LONDON, April 13 (UPI) -- A majority of the bird population in Great Britain can thrive near major wind energy projects though risks remain during project development, a study finds.
A study, published in the Journal of Applied Ecology, stated several major bird species could thrive alongside wind farms but other species were threatened during the construction phase.
"It was a bit of a surprise that the impact on wind farms seemed to be happening during construction rather than operation," James Pearce-Higgins, an ecologist at the British Trust for Ornithology and study co-author, was quoted by The Guardian newspaper as saying.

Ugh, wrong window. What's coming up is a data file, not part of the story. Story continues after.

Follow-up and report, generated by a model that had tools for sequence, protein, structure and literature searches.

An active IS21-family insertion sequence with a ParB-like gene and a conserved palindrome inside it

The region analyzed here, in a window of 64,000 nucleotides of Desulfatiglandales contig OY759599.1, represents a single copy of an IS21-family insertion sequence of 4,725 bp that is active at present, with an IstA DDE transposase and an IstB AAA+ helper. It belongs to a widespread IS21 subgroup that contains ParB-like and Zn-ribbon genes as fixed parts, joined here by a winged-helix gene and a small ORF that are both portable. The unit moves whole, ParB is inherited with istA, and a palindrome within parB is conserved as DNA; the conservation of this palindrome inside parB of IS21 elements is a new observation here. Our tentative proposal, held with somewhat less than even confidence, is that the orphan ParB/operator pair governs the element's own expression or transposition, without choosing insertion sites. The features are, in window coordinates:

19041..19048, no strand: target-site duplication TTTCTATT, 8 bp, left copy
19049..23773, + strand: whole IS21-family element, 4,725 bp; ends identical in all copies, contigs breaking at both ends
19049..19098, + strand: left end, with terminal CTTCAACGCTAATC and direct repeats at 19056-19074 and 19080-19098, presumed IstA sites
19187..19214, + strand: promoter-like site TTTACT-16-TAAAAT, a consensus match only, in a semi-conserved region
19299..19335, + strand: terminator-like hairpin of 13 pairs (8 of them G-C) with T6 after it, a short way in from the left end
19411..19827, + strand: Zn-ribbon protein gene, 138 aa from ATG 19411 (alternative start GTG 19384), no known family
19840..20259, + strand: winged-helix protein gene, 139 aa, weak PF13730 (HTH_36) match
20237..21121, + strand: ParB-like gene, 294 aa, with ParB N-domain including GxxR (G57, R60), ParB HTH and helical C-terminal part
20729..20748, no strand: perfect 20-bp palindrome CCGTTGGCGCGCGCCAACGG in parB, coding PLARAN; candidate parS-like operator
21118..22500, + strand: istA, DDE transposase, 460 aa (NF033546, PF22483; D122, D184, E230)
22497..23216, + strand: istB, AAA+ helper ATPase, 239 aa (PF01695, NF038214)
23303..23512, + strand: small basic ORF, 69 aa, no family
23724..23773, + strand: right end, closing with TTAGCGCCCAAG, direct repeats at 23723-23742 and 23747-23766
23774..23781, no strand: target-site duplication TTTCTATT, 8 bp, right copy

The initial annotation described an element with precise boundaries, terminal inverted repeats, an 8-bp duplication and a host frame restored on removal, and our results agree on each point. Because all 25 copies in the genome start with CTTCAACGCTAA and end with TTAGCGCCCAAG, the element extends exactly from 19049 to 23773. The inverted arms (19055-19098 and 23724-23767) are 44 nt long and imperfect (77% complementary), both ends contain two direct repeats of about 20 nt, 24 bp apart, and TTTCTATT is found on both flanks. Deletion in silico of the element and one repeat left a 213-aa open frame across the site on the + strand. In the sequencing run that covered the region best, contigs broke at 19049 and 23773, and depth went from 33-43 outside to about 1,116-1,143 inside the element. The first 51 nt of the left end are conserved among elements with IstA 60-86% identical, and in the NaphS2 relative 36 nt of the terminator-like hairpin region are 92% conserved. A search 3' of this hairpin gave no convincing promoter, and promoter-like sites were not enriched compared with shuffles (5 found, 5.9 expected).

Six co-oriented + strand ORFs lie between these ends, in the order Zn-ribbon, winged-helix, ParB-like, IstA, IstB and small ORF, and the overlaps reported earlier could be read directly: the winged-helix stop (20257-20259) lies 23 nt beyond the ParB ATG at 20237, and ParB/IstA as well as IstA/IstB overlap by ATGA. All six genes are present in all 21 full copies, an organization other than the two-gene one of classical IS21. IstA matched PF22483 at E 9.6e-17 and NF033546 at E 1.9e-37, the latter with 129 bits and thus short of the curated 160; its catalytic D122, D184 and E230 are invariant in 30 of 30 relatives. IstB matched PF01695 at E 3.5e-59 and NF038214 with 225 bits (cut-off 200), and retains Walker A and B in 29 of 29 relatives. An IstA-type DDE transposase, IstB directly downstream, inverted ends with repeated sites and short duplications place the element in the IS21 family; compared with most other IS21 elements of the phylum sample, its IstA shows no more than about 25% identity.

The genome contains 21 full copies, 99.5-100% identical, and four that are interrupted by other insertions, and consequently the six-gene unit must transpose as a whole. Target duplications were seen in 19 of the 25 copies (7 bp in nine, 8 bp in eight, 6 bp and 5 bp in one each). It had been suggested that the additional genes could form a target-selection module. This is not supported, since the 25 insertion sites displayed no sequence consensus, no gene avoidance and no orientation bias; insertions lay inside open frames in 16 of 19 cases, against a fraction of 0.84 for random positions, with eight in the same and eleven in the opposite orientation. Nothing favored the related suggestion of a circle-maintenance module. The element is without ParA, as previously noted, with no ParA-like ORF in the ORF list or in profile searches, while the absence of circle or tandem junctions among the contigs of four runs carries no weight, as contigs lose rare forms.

The study found populations of some bird species declined more than 50 percent during the construction phase but eventually recovered.
The Royal Society for the Protection of Birds was critical of the consent given by the Scottish government last week for the 370-megawatt Viking wind farm on the Shetland Islands.
Scottish Energy Minister Fergus Ewing said the project would help move Scotland closer to its 2020 goal of getting 100 percent of its electricity from renewable energy resources.
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